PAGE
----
12. DS for CA responded that the formulation of Hong Kong's electoral system was in accordance with Article 68 and Annex II to the Basic Law. Article 39 of the Basic Law provided, inter alia, that the ICCPR as applied to Hong Kong should remain in force. The Administration explained to the UNHRC in 1996 and 1999 that the electoral system of Hong Kong was appropriate and justifiable in the present circumstances, and was not inconsistent with any provisions of the ICCPR as applied to Hong Kong. Principal Government Counsel (Elections) (PGC/E) supplemented that the Administration was mindful of the views of the UNHRC that Hong Kong's electoral system should comply with Article 25 of the ICCPR, but had explained to the UNHRC the Administration's reservation that it respectfully disagreed with their argument. He advised that the former colonial government had responded to the UNHRC that FCs constituted of various professional sectors were in existence since the first LegCo election in 1985 and had been part of Hong Kong's political system. PGC/E stressed that Hong Kong's electoral system was in its transitional stage and as specified in Article 68 of the Basic Law, the ultimate aim was the election of all the members of the Legislative Council by universal suffrage.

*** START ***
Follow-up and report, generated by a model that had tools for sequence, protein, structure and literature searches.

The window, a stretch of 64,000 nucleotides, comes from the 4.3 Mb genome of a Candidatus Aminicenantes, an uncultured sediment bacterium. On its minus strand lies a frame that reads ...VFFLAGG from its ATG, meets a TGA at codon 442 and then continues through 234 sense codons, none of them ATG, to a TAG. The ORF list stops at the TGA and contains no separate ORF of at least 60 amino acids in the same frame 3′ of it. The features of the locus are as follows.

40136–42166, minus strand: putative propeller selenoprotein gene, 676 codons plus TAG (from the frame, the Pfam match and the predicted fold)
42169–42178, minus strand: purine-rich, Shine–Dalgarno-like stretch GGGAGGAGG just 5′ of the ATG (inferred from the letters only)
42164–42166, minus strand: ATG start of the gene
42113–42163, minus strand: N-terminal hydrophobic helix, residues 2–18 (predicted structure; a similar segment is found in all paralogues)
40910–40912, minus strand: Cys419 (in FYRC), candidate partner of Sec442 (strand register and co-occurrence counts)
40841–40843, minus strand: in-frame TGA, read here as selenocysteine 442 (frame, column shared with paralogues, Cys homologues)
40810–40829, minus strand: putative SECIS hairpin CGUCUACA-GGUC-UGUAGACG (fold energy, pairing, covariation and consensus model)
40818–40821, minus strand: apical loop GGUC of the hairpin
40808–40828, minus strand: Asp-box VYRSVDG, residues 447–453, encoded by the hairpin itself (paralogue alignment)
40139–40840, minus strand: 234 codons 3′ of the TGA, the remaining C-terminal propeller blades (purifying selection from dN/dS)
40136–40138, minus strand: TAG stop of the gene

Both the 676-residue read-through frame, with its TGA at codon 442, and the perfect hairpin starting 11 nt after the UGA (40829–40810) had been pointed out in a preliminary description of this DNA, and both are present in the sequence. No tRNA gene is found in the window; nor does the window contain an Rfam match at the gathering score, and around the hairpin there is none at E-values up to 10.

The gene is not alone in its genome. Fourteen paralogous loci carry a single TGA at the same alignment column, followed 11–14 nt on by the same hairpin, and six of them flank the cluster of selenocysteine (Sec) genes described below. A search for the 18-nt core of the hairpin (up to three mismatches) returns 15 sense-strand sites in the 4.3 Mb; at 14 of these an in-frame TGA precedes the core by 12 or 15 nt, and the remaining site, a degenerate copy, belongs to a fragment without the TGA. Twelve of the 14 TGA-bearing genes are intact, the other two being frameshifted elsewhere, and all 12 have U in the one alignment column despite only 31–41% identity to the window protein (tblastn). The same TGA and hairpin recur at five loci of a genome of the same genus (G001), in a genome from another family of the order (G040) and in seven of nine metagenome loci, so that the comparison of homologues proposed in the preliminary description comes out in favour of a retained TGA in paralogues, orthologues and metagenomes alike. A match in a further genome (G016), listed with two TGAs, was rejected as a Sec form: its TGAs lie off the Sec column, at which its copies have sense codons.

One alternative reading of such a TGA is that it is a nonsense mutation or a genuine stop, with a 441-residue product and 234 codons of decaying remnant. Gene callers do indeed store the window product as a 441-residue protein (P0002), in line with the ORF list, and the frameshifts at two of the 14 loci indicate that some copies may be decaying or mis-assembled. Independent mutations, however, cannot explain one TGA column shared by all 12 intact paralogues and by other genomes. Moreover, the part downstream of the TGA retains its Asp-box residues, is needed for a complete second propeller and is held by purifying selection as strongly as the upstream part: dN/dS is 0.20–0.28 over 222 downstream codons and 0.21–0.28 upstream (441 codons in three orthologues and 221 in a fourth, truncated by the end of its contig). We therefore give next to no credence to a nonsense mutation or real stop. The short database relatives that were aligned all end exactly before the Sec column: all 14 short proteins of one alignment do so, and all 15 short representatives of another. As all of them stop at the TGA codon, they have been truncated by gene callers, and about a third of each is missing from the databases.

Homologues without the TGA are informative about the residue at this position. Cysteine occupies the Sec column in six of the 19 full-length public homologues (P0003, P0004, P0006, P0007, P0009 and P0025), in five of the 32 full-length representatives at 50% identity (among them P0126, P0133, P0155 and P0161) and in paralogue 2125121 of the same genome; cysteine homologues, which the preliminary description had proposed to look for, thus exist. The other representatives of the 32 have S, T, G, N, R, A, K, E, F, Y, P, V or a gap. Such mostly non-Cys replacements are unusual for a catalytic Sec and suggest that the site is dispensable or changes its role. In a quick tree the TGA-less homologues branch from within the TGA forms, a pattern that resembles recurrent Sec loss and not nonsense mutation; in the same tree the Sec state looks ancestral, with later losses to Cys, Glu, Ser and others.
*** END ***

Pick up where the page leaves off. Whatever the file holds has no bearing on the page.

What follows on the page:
13. Ms Emily LAU asked whether it was meaningful for the Hong Kong Special Administrative Region Government (HKSARG) to appear before the UNHRC if it had blatantly disagreed with the latter's views. Miss Margaret NG asked whether the UNHRC had made any response to the HKSARG's views. PGC/E advised that the HKSARG had reiterated its position to the UNHRC in January 1999. He was not aware of any response from the latter since then.

14. Mr LEUNG Yiu-chung disagreed with the Administration's advice that the proposed electoral system was consistent with Article 25 of the ICCPR. He quoted the example of some FCs which did not allow for "one person one vote". PGC/E responded that the issue had to be considered against the constitutional background applicable to the HKSAR in that the electoral system had to comply with the provisions of Annex II to the Basic Law. He reiterated that the system formulated and contained in this Bill was consistent with the Basic Law and the ICCPR as applied to Hong Kong.